One of the classics of the fantasy genre. It opens with the first-person narrator recounting how Holger Carlsen, a Dane, had come to America for education and worked for the same company as the narrator -- until World War II, when he went back to Denmark to work for the resistance. Except that at one point, trying to cover an escape, pinned down by Nazi forces, he suffers a head wound and wakes up to find himself in an old growth forest. With hawks. And a bear. He could believe the others, but there were no bears left in Denmark.
Happening on a witch who summons what she calls a sprite -- involving reciting the Lord's Prayer backwards -- helps murk things up more. She is told that he comes from far, far, far away, and sends him off with a dwarf, Hugi, toward the local elf hill and Duke Alfric, who may help clear up things. At Hugi's suggestion, he first meets with a swan may, Alianora and she comes with them, filling him in the relations between Law and the lands of men, and the tricksy, uncertain fairy forces of Chaos, which are threatening to engulf the world and end day.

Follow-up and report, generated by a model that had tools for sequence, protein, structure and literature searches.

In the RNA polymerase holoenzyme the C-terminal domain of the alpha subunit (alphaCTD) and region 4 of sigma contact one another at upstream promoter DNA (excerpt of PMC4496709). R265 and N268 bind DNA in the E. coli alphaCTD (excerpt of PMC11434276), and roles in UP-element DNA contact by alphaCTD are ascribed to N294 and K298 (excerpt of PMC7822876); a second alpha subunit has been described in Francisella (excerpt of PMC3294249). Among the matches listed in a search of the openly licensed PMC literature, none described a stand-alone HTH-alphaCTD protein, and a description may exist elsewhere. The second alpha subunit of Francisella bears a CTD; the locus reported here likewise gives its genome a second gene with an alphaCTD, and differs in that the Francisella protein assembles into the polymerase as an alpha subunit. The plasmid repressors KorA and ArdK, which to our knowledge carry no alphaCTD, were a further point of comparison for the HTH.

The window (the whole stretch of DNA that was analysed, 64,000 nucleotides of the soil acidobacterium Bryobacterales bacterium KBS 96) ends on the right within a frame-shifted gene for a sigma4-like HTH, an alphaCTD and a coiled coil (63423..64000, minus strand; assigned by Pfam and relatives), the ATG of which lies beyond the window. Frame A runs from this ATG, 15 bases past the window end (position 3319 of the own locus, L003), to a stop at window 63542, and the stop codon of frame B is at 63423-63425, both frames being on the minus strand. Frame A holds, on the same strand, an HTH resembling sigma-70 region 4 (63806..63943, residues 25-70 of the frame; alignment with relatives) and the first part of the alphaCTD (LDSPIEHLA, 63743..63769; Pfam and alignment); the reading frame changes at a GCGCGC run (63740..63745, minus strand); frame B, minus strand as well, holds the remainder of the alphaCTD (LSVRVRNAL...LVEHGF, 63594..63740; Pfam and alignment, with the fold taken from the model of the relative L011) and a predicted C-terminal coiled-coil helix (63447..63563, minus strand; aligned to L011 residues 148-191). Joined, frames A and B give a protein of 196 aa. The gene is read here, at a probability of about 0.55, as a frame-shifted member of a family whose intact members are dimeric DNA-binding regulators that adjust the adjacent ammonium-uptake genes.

The story wends on, though the complications of discovering who Holger really is, and the peril of the world, and it involves a unicorn, a magician who rashly advertises ever-filled purses, an attempt to persuade Holger to get out of the way, unhurt, and a discovery that he knows how to fight as a knight, a knight in shining armor who collapses entirely, proving to be an empty suit of armor, when defeated, detecting which person is a werewolf, a nixie without a soul, a riddle game, and much more.
(Anyone who plays D&D and recognizes things is right about the recognition. D&D had to find its notions somewhere.)